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Google’s GMail service went down for a few hours yesterday. The service error sent many into a panic, as millions of people rely heavily on Gmail in order to conduct business. The outage, which last for a good portion of the afternoon, had Twitter in an uproar, with Gmail making the trending topics list, giving some reason to believe that a massive Gmail outage could cripple the vulnerable Twitter infrastructure.
While the NFL noted that in-game tweeting would be outlawed this year, the league has now announced a new rule that would make tweeting from a game not only illegal for players, but also for the media. The new rule specifies that “forms of accounts of the game must be sufficiently time-delayed and limited in amount so that the accredited organization’s game coverage cannot be used as a substitute for, or otherwise approximate, authorized play-by-play accounts.” While the league is trying to protect coverage of games, its ban poses an all too valid question: exactly who is the media? Journalists? Professional bloggers? Amateur bloggers live tweeting the game, either from home or the stadium?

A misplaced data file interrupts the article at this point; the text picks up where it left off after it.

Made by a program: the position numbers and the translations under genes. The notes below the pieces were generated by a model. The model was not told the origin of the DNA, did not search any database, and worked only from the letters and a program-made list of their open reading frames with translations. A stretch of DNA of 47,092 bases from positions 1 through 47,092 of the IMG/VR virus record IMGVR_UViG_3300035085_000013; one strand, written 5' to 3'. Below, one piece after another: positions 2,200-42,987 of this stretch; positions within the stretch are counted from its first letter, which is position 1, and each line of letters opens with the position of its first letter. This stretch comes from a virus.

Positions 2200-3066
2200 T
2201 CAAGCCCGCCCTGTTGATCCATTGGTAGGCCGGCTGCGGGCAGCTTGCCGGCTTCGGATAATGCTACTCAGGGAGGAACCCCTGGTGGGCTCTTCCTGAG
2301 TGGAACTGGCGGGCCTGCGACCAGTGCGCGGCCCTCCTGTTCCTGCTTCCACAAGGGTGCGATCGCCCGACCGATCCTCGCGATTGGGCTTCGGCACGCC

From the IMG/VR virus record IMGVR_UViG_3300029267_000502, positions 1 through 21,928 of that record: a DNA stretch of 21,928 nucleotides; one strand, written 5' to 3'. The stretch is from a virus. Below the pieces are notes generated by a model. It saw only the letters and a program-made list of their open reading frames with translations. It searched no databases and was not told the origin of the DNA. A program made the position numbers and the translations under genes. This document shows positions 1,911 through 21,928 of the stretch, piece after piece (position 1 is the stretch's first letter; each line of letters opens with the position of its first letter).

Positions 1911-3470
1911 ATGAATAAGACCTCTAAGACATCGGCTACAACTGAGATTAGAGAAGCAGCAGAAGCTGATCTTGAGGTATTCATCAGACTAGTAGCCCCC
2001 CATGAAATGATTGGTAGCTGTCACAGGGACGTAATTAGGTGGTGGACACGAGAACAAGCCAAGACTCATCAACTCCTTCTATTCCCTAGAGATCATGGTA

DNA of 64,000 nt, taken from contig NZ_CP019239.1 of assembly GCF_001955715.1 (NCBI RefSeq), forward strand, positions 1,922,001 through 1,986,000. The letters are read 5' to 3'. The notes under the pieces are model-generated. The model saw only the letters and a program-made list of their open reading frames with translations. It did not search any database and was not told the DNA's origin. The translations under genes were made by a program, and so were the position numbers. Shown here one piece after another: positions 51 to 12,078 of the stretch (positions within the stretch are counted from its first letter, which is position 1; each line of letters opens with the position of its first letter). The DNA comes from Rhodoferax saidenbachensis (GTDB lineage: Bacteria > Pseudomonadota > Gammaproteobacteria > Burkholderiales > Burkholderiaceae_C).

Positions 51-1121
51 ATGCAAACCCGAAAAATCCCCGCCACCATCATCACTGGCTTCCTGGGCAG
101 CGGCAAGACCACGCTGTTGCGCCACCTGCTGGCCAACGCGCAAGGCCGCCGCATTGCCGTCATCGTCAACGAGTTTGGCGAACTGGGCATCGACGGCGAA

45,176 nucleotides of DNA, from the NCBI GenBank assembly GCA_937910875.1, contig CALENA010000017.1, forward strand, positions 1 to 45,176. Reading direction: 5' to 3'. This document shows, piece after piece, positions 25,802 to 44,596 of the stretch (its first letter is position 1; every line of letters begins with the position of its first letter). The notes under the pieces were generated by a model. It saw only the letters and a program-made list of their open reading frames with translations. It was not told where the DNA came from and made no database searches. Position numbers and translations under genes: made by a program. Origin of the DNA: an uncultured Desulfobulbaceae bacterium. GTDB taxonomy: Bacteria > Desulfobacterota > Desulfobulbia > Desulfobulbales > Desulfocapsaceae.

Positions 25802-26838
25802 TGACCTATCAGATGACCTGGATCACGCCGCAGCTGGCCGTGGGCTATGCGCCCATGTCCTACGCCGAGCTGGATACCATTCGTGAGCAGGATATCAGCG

Apple has approved the Vonage iPhone application. The app will allow users to make phone calls over the Internet, circumnavigating AT&T’s built in mobile plan. While Vonage’s application is not yet available to the public, in the wake of Apple’s rejection of the Google Voice application, one has to wonder exactly what the different the two services are.
AMC renewed its hit series Mad Men for a fourth season. The critically acclaimed series, which has helped AMC become a major cable destination, recently drew a record 4.5 million viewers, as well as 16 Emmy nominations. As the show continues to grow in popularity, AMC hopes the domino effect will heat up its other programs, increasing revenue across the board.
eBay announced that it intends to sell 65% of Skype to a private equity group. The deal, worth over $2 billion, finds eBay selling off an asset many believe it had no place in purchasing in the first place. While eBay will keep a 35% share of the company it purchased in 2005 for $2.6 billion, the company has yet to find many synergies between the communications service and its auction business.